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WTG, Agents Ponder the Value of IoT

WTG-Panel

James AndersonWTG HOLIDAY EVENT — How do channel partners make money with the Internet of Things (IoT)? And how do they secure it?

World Telecom Group (WTG) walked partners through those pertinent questions on Friday as it encouraged its agents to take advantage of the blossoming IoT industry.

WTG's Cory Dzbinski“Between the private and public sector, over $10 trillion is going to be spent on IoT solutions over the next five years,” said Cory Dzbinski, training development manager at WTG. “You guys want to get a piece of that.”

Dzbinski moderated a panel of channel leaders from vendors such as Microsoft, CenturyLink — and all of the panelists reiterated the same message: IoT is a disruptive trend that is here to stay.

Dzbinski gave a long overview of how pervasive IoT is, how it is transforming industries like trucking, factories and health care, and what it will take to successfully connect devices for businesses.

Spoiler: He thinks partners are key part of delivering IoT. He said that although vendors provide IoT devices and solutions, partners ultimately control the future.{ad}

“[Vendors] provide IoT services, but they don’t provide the whole package,” he said. “They’re not hands-on with the customer like you are. They’re not in front of the customer understanding their daily needs. Understanding a customer’s daily needs and their challenges is key to coming up with proper IoT solutions.”

But it may take time get partners adjusted to IoT. Several agents had questions for the panelists about the technology. Two asked about security and recent, high-profile DDoS attacks. Others asked about revenue and how to get up to speed as quickly as possible.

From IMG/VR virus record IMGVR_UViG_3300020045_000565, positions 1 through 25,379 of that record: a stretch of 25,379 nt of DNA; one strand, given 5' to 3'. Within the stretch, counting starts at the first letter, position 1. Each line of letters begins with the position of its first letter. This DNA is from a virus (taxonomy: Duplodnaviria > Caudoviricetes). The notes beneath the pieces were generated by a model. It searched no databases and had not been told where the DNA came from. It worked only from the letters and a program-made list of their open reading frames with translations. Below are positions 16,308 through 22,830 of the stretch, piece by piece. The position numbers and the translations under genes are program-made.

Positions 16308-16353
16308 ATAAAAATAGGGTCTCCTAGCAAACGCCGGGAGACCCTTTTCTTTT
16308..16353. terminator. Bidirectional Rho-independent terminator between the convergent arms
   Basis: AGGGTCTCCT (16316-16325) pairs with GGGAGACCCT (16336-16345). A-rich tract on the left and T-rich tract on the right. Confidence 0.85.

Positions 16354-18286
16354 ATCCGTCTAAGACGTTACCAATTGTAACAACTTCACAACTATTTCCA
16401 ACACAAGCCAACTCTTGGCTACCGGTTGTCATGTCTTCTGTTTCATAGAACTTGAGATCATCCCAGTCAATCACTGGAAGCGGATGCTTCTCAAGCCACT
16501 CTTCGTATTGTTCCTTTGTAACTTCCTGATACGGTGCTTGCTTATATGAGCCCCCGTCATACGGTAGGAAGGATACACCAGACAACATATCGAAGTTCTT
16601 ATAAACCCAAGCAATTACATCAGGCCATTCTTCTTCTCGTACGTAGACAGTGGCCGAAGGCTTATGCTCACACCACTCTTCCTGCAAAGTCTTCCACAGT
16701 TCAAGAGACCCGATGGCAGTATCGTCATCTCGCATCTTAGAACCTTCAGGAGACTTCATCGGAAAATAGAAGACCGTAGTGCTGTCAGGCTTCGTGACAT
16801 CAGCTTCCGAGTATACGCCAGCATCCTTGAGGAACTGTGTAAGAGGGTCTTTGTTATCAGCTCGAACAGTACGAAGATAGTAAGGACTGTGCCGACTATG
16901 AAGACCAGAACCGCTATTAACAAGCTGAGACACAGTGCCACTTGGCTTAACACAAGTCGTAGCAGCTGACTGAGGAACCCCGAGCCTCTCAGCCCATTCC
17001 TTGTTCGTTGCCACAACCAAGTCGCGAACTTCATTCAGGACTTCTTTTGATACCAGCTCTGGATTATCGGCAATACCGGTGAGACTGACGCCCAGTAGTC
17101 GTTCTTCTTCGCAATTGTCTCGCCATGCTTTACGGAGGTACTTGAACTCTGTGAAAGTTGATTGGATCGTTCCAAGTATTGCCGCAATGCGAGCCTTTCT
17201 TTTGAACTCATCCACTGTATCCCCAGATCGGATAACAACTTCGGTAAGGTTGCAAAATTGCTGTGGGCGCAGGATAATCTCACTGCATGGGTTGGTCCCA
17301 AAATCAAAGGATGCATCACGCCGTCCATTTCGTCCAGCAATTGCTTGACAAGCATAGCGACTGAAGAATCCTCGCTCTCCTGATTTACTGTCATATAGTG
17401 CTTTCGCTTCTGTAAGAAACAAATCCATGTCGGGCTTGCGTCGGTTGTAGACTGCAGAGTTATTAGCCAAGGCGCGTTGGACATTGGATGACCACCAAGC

“We’re telecom people out here,” one agent said. “We do phones and cabling and stuff like that. We don’t really know IoT; it’s another 3-syllable word.”

WTG CEO Vince Bradley said the panel was a forward-thinking discussion about a technology customers are most definitely going to demand. As the speakers and the vast majority of analysts agree, IoT is the future.

Still, the panelists advised that agents not force an IoT agenda on end users but instead continue to listen to their goals. Often, those long-term goals will require IoT chops.

“Try to change the conversation that you’re having today with your IT managers in your context to find out …

{vpipagebreak}

… what else they’re doing in the space and what’s driving them,” said Ted Tavrides, director of indirect channels at NTT America.

Matt Tyre, vice president of channel sales at KORE Telematics, summed up IoT concerns by likening the industry to a teenager. It’s on its way to become an adult, but the path to maturity will be a learning experience.{ad}

“It’s in an awkward stage. It’s definitely not in its infancy. You tell a small child, ‘You can anything you want to be when you grow up,’ and when you’re looking at this Internet of Things industry … it is literally everything. Every vertical market. Consumer applications, government applications, you name it. Security, financial — it’s all over the place,” Tyre said. “And now we’re in that middle ground where it’s starting to mature but it’s not quite an adult. There are still issues. You have rogue devices. You have your kid who’s 16 who takes your car and crashes it. Things happen. But we can actually see what the industry is going to be in the next three to five years when we get to 50 billion connected devices.”


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